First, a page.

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Louis Vuitton, Bulgari, Baccarat and Herve Leger plan to open in the fall at NorthPark Center here, as the mall intensifies its luxury component in the face of declining consumer spending.

This story first appeared in the May 28, 2009 issue of WWD. Subscribe Today.

In addition, Gucci is expected to open late next year after its lease ends at Galleria Dallas.

Vuitton, Bulgari and Léger will be located in the corridor facing Neiman Marcus’ front entrance. Many boutiques along the upscale stretch have launched in the last three years, including Roberto Cavalli, Giorgio Armani and David Yurman.

Vuitton’s 6,000-square-foot accessories and shoe unit will be the brand’s largest in the Dallas metropolitan area. It will feature a two-story glass facade that opens onto the mall’s park and face Jonathan Borofsky’s towering sculptures in the center court.

“Dallas is an extremely strong market for Louis Vuitton,” said Daniel Lalonde, president and chief executive of Louis Vuitton North America. “We entered the Dallas market in 1982 when we opened our first store at Galleria Dallas. Since then, we have had great success and twice expanded our Galleria location. “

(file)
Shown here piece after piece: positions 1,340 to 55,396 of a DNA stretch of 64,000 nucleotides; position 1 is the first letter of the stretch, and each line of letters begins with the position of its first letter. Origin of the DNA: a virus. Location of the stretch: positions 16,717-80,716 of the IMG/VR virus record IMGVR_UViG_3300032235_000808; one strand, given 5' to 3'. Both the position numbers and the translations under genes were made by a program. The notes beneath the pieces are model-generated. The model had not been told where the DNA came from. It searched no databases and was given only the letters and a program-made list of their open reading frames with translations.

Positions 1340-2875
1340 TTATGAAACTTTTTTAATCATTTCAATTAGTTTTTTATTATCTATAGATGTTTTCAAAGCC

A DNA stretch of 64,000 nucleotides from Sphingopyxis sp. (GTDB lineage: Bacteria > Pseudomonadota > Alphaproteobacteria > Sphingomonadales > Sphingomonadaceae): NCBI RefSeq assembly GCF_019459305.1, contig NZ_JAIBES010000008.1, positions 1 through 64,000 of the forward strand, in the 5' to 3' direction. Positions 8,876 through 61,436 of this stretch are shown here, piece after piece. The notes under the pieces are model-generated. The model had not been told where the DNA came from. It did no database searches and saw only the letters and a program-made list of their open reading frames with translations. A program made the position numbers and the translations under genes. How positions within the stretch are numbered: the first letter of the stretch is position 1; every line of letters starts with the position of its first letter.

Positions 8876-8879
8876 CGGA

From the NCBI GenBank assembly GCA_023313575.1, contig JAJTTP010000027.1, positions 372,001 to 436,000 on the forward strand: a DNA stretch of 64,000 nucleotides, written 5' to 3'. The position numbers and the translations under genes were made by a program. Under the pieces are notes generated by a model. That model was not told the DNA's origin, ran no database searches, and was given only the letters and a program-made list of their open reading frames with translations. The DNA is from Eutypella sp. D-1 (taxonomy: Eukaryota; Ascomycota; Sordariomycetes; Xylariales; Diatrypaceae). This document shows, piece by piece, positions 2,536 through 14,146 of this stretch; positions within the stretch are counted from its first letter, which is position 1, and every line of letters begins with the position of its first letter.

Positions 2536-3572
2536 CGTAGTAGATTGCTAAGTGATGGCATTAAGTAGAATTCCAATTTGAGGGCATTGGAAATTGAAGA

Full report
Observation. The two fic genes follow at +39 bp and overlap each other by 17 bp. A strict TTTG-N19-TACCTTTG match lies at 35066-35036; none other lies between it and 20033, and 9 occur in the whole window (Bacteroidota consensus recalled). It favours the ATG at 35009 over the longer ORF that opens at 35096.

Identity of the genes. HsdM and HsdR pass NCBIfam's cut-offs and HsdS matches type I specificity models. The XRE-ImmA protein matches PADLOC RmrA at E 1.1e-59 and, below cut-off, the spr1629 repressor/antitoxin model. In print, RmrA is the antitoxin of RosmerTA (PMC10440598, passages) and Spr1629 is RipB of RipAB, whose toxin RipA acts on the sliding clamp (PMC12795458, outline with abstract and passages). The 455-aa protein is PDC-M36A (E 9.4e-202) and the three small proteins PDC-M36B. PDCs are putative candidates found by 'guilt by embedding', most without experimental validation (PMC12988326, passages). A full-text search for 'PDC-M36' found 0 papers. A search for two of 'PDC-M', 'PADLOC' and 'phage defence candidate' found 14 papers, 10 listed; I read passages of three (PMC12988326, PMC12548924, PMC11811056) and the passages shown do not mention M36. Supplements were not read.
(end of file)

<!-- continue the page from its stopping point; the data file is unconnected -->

The NorthPark unit will be its fifth in the area, he added.

NorthPark began attracting luxury tenants when it expanded in 2006, but some have struggled. Barneys New York has acknowledged disappointing sales since its fall 2006 debut, Porsche Design and Vilebrequin have closed, and Intermix halved its store size to 2,000 square feet — its typical footprint.

“The whole thing was to make it a boutique store within a mall that was very hands-on — ingratiating the staff into the community with private shopping events in people’s homes,” said Jennifer Talbott, Intermix spokeswoman. “That has turned the store around for us.”

Many of NorthPark’s luxury boutiques this year moved their closing times to 6 p.m. from 9 p.m., including Max Mara, Tod’s, Valentino and Oscar de la Renta. The shorter hours make it easier to recruit experienced salespeople and are a better fit for shopping patterns, retailers said.

“We’re changing by observing what other luxury centers have done and seeing what’s worked,” said Christine Szalay, marketing director for NorthPark. “The evening has never been a high traffic time for [luxe] boutiques. This allows the sales associates to do more socializing and networking with their clients at events. Luxury marketing is more about relationships than anything else.”

She also is trying new tactics, like making special offers via select hotel concierges.

“Spending patterns and shopping have changed,” Szalay said. “Relationship marketing is the smartest thing you can do.”